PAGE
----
There has always been a clear hierarchy in hockey. The NHL is the pinnacle, the best league to which all pros aspire. Below that is a succession of lower leagues, each clearly a step below the previous. In the early 1970s, with the World Hockey Association in the mix, that hierarchy was even richer. In order, the list looks something like this: NHL, WHA, AHL (American Hockey League), IHL (International Hockey League), and CHL (Central Hockey League). Below the CHL are other even smaller leagues from which no player ever emerged to play in the NHL.
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Goalie Serge Aubry, though, made an impressive rise for several seasons. The Montreal native turned pro with the Tulsa Oilers in 1967, the year the NHL expanded from six teams to twelve. The Oilers were a CHL team, and over the course of the next three years Aubry enjoyed success with them. He eventually moved up to the AHL and then signed with the Quebec Nordiques in 1972 when the WHA began. Aubry played there for five years but was never able to get to the NHL.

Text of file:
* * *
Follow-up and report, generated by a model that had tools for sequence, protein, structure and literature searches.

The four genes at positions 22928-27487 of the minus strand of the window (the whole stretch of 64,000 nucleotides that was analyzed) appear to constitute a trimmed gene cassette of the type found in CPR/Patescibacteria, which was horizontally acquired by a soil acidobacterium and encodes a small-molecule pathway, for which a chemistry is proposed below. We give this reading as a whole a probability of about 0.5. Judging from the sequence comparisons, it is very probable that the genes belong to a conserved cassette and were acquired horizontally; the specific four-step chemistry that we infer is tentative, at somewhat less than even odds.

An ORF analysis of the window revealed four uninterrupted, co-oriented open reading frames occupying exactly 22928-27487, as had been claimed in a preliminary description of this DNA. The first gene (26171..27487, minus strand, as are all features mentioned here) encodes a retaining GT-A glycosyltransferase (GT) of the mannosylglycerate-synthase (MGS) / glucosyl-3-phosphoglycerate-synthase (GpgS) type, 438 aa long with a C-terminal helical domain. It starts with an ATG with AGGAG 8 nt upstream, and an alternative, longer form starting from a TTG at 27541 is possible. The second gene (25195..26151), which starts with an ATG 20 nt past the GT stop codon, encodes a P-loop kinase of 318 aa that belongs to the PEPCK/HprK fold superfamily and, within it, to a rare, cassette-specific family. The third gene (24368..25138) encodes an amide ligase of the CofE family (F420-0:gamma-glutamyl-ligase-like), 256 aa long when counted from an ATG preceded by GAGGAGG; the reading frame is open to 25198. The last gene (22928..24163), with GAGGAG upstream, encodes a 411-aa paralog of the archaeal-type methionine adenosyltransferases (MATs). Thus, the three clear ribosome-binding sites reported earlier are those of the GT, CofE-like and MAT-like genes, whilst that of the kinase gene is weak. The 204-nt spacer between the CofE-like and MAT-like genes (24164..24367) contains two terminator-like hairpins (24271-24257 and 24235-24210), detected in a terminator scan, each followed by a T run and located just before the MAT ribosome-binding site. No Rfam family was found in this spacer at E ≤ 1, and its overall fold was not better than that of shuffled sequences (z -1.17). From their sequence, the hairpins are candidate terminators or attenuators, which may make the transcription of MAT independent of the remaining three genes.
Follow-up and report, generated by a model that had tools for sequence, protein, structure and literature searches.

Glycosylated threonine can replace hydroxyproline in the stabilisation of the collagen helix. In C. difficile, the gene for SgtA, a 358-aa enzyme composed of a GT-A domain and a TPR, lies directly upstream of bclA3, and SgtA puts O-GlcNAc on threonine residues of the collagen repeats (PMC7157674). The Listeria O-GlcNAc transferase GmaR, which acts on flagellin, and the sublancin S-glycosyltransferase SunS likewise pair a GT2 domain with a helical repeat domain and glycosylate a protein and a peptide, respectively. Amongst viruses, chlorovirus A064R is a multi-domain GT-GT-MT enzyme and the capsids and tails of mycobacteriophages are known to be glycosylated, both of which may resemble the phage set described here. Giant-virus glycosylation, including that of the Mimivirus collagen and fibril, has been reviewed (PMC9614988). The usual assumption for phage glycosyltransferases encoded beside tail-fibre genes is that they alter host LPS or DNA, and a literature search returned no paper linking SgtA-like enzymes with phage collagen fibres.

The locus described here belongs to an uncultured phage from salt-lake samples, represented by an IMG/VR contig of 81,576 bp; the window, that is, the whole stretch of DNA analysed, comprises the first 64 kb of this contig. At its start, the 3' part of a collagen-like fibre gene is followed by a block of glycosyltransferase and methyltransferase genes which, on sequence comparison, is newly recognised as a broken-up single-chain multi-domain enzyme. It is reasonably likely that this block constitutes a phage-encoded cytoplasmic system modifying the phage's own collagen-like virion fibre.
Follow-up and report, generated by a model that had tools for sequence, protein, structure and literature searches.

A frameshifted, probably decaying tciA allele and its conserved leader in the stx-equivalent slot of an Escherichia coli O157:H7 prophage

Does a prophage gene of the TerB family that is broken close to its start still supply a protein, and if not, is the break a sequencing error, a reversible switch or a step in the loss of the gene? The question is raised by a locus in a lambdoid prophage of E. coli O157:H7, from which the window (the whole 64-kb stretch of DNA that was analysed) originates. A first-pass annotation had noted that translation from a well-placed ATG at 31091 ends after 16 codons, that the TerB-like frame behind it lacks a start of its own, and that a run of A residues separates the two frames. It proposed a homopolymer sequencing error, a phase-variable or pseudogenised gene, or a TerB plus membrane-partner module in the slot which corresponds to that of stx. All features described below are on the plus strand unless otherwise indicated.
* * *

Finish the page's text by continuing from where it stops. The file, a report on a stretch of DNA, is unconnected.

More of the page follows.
Clearly, though, the roots of his success were with the Oilers, and he attributed part of that success to a lucky blue suit that he wore all the time. There came a day, however, when the suit no longer favoured him with the glory he had come to expect of it, so he enlisted the help of some teammates to rid the world of this once-fine garment.
He took the suit to a friend’s lawn, where several players stomped on it, spat on it, and more or less treated it with the lack of respect that it had come to deserve. Aubry then doused the suit with gas, added a match to the deal, and burned the suit into oblivion. The hockey world had one less superstition to concern itself with.